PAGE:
Born in São Paulo in 1928, Brazilian filmmaker Nelson Pereira dos Santos has been one of the most significant and influential filmmakers over the last half century. Inspired by neorealism, dos Santos forged the beginnings of a new, politically engaged Brazilian cinema in the 1950s with films such as Rio, 40 Graus (1956) and Rio, Zona Norte (1957) that brought the lives and neighborhoods of Rio's urban poor to the screen. In Vidas Secas (1963), his first masterpiece, he brought poetic dignity to migrant workers displaced by drought and famine and paved the way for the radical Cinema Novo movement to come. In the decades to follow, dos Santos' expansive vision of a populist cinema found him exploring marginalized cultural and religious practices on screen as he honed his critique of official repression and colonialism across a range of genres, from ethnographically-informed period pieces such as How Tasty Was My Little Frenchman (1972) to wildly comic satires, such as Tent of Miracles (1977). The Archive is honored to host dos Santos in person on the opening weekend of this modest sampling from his monumental career.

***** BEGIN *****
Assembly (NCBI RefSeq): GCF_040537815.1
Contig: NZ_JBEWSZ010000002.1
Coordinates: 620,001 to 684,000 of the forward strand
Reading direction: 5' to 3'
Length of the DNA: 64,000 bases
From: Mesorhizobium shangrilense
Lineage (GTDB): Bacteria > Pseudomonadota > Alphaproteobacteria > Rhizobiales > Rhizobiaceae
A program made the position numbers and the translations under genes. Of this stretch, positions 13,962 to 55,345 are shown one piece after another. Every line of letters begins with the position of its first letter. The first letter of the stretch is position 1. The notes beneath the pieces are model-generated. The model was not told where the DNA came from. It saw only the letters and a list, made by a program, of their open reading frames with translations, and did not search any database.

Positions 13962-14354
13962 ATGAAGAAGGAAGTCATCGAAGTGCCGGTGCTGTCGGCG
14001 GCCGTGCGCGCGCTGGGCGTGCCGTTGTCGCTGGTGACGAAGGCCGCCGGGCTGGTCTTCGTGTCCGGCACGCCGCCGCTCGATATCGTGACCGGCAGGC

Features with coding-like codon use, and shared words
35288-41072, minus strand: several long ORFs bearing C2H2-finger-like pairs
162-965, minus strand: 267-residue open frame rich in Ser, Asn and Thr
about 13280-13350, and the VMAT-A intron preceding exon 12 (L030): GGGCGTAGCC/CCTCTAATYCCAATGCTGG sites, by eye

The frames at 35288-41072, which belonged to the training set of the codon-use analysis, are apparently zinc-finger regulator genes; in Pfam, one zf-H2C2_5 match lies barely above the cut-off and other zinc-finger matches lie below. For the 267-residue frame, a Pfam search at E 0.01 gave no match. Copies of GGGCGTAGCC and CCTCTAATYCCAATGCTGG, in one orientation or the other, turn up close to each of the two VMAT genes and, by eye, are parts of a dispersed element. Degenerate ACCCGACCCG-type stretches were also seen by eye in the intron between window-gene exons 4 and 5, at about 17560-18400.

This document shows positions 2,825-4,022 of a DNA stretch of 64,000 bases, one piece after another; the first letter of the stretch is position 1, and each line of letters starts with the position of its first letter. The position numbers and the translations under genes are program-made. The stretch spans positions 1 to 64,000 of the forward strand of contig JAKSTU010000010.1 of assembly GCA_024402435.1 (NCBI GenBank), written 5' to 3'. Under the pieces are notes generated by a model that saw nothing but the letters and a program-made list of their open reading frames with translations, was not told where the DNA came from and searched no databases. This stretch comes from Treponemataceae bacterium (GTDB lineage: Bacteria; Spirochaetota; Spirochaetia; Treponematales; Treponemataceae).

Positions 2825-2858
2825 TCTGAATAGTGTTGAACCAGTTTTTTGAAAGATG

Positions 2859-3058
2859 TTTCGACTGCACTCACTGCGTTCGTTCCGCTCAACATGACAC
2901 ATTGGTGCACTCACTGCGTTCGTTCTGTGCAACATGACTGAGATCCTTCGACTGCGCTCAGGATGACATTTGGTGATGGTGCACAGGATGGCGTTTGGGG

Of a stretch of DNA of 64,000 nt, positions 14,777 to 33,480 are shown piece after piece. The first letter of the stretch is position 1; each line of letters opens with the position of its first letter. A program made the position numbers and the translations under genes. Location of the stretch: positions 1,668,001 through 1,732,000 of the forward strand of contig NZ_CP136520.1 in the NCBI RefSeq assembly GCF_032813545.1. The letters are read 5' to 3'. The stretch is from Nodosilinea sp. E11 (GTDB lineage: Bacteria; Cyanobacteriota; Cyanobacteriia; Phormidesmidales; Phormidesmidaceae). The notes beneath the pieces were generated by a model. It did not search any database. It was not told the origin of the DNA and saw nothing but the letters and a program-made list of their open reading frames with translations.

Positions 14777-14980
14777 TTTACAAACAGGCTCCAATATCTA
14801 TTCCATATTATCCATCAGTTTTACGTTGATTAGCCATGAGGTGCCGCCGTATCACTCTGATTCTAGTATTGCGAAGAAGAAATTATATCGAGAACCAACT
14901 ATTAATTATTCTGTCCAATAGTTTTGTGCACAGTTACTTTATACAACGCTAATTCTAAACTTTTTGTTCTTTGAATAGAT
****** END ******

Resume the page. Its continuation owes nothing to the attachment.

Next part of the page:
All films in Portuguese with English subtitles, except where noted. All films written and directed by Nelson Pereira dos Santos.
Special thanks to: Karin Nielsen, director UCLA Latin American Institute; David Arriaza; Kevin Terraciano—UCLA Latin American Institute; Randal Johnson, chair—UCLA Department of Spanish and Portuguese; UCLA Center for Brazilian Studies; Consul-General Bruno Bath, Dolival de Lobao Carvalho, Cultural Affairs—Consulate General of Brazil in Los Angeles; Academia Brasileira de Letras; Jon Vickers—Indiana University Cinema; Darlene Sadlier—Indiana University; Chris Stults—Wexner Center for the Arts; Jerry Carlson—The City College of New York; Haden Guest—Harvard Film Archive.